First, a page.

By Casey Burgat
It is becoming more widely acknowledged that Congress has a staffing problem. While the executive branch employs more than 4 million people, the legislative branch has only about 30,000. This number includes personnel toiling for agencies that do not readily come to mind as legislative, like the Government Publishing Office, the Architect of the Capitol and the U.S. Capitol Police.
While congressional capacity advocates shout for more funding and personnel to be allocated to the legislative branch, political scientists Russell Mills and Jennifer Selin examine the use of an often-overlooked stream of expertise available to congressional committees: federal agency detailees. Detailees are executive agency personnel with a particular policy mastery who are temporarily loaned out to congressional committees. The typical detailee assignment runs one year.
Hill operators and observers have long known policy expertise resides primarily in congressional committee staff. Compared to House and Senate personal office aides, committee staffers typically have more experience and narrower portfolios, both of which enhance the abilities of committees and their members to conduct oversight, draft legislation and develop fruitful lines of communication with relevant agency stakeholders.
However, as Mills and Selin point out in a recent piece in Legislative Studies Quarterly, there are only about half as many committee staff as there were in 1980, while inflation-adjusted pay levels have fallen 20 percent for many committee aides. This reduction in resources has hampered committees’ oversight capabilities, in addition to abetting the centralization of policymaking in leadership offices or its complete delegation to the executive branch.
Mills and Selin argue detailees offer at least three specific benefits to supplement Congress’ legislative and oversight responsibilities:
- Detailees provide additional legislative support. Though committee staffers are usually issue specialists, “detailees often have specialized, expert knowledge of a policy, [and] they are able to provide awareness more traditional congressional staff may not have.” Moreover, given their personal experience within the agencies, detailees offer committees important insight into the decision-making processes and likely agency responses to potential congressional action.
- Detailees assist with executive branch oversight. “The process for securing information through requests directly to a federal agency is slower and involves agency coordination with the presidential administration. Detailees provide a way around these problems.” Simply having agency contacts and being able to connect committee staffers directly to those agency personnel most likely to respond quickly with accurate information can expedite the frustratingly slow information-gathering process vital to conducting effective congressional oversight.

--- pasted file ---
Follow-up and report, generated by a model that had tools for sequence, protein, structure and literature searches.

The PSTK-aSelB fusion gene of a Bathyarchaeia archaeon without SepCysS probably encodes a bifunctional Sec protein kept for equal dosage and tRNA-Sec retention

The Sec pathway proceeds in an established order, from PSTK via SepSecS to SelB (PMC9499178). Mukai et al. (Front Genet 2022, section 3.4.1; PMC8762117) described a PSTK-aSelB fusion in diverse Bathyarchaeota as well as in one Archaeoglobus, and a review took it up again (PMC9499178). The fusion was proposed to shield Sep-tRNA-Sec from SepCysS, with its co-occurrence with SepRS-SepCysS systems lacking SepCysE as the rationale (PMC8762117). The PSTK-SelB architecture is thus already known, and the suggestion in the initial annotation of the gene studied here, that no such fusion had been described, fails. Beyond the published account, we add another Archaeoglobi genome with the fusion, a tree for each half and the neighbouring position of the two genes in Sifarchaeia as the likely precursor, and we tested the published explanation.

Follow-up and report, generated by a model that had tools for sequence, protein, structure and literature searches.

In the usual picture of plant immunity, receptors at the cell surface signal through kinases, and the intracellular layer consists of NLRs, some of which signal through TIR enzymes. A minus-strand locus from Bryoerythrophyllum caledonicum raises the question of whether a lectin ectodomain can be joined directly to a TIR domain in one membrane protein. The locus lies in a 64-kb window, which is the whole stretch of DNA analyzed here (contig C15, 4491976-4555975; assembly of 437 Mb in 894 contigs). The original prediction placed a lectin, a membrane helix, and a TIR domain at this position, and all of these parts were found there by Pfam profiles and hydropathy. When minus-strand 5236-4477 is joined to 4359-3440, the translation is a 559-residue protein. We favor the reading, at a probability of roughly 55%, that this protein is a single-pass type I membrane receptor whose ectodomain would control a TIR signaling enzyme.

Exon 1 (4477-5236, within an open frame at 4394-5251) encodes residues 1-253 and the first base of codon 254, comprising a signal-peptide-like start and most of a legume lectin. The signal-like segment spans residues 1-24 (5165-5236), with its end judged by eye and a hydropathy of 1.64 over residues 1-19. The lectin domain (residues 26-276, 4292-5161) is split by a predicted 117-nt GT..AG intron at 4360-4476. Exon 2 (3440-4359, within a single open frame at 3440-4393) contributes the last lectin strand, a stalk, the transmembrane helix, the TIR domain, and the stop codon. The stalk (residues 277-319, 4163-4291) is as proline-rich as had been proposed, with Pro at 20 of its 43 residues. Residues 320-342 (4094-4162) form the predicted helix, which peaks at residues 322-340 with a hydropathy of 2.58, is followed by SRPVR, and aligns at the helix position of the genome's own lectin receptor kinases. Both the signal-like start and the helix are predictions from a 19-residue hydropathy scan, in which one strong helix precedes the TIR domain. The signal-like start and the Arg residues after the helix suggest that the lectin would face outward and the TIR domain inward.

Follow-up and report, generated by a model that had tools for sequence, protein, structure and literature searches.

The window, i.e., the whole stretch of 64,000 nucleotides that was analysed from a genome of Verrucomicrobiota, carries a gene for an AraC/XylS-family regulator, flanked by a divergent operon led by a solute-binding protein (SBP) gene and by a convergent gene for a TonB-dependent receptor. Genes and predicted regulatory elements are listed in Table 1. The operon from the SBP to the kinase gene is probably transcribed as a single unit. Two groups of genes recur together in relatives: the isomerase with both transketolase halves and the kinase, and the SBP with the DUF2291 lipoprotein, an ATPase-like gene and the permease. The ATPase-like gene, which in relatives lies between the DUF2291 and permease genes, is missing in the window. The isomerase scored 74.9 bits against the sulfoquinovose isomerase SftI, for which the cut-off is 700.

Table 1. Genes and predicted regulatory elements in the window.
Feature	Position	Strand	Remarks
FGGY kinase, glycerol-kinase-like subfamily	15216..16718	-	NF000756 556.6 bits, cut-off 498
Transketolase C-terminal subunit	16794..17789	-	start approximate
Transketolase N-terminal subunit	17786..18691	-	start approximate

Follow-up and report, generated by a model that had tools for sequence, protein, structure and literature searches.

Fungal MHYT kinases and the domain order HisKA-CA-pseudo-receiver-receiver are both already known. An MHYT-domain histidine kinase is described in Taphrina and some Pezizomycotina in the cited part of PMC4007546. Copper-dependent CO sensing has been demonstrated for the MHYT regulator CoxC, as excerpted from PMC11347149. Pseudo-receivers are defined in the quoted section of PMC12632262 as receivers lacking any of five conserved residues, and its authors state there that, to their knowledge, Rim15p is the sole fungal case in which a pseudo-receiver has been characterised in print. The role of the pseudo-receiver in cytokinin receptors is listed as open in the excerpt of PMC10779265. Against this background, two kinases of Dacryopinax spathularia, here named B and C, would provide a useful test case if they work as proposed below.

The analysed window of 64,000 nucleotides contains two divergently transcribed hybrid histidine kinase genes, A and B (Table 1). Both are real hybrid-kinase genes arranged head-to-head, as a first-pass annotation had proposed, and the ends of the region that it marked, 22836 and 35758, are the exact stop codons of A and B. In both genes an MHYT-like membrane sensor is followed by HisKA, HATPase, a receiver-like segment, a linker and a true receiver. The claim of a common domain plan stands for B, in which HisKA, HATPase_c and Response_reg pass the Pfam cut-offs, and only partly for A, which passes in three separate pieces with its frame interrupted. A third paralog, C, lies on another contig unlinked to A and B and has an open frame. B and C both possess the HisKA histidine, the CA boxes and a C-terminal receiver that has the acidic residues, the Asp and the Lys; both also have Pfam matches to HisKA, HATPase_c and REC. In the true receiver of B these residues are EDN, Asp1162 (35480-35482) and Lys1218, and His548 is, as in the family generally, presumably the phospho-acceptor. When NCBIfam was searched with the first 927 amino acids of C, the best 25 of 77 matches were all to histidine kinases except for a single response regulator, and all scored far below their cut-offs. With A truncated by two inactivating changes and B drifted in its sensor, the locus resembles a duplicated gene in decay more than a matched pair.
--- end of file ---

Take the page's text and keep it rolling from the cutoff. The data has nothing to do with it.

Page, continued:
- Detailees supplement interest-group engagement. In developing policy, committee staffers spend much of their time meeting with relevant policy stakeholders. “Committee staff routinely assists members of Congress by meeting with interest groups to gather their input for legislative initiatives as well as to hear their objections or support for actions taken by executive agencies.” Detailees provide the committee more, and different, stakeholder contacts established from the agency perspective, which allows for better information filtering and a more informed assessment of legislative potential.
Finally, and importantly, Mills and Selin point out that use of detailees is a rare win-win for both the legislative and the executive branches. The benefits to Congress are clear: committees gain expert-level staffers with experience and connections to the agencies under the committee’s purview, all on the agencies’ dime. Sen. Susan Collins, R-Maine, has noted:
These detailees apply their expertise in researching issues, staffing hearings, and working on legislation. In return, they gain valuable experience, which develops their careers and benefits their agencies.
The gains for the executive branch are less intuitive. After all, the agency loses a competent staffer who then offers Congress firsthand insight into agency operations, even potentially providing increased oversight to the very agency from which the staffer originated.
But Mills and Selin note that, from qualitative interviews they conducted with current and former detailees, they discovered that “detailees gain experience in the legislative process, can represent the interests and perspectives of the agency, and give the agency a conduit to committee decision making.”
In other words, just as detailees provide insider information to committees on agency operations, agencies profit from their detailees returning to the agency with intelligence on committee decision-making, policymaking and oversight capabilities. All of which our personnel-strapped national legislature badly needs.
Casey Burgat is a governance fellow at the R Street Institute.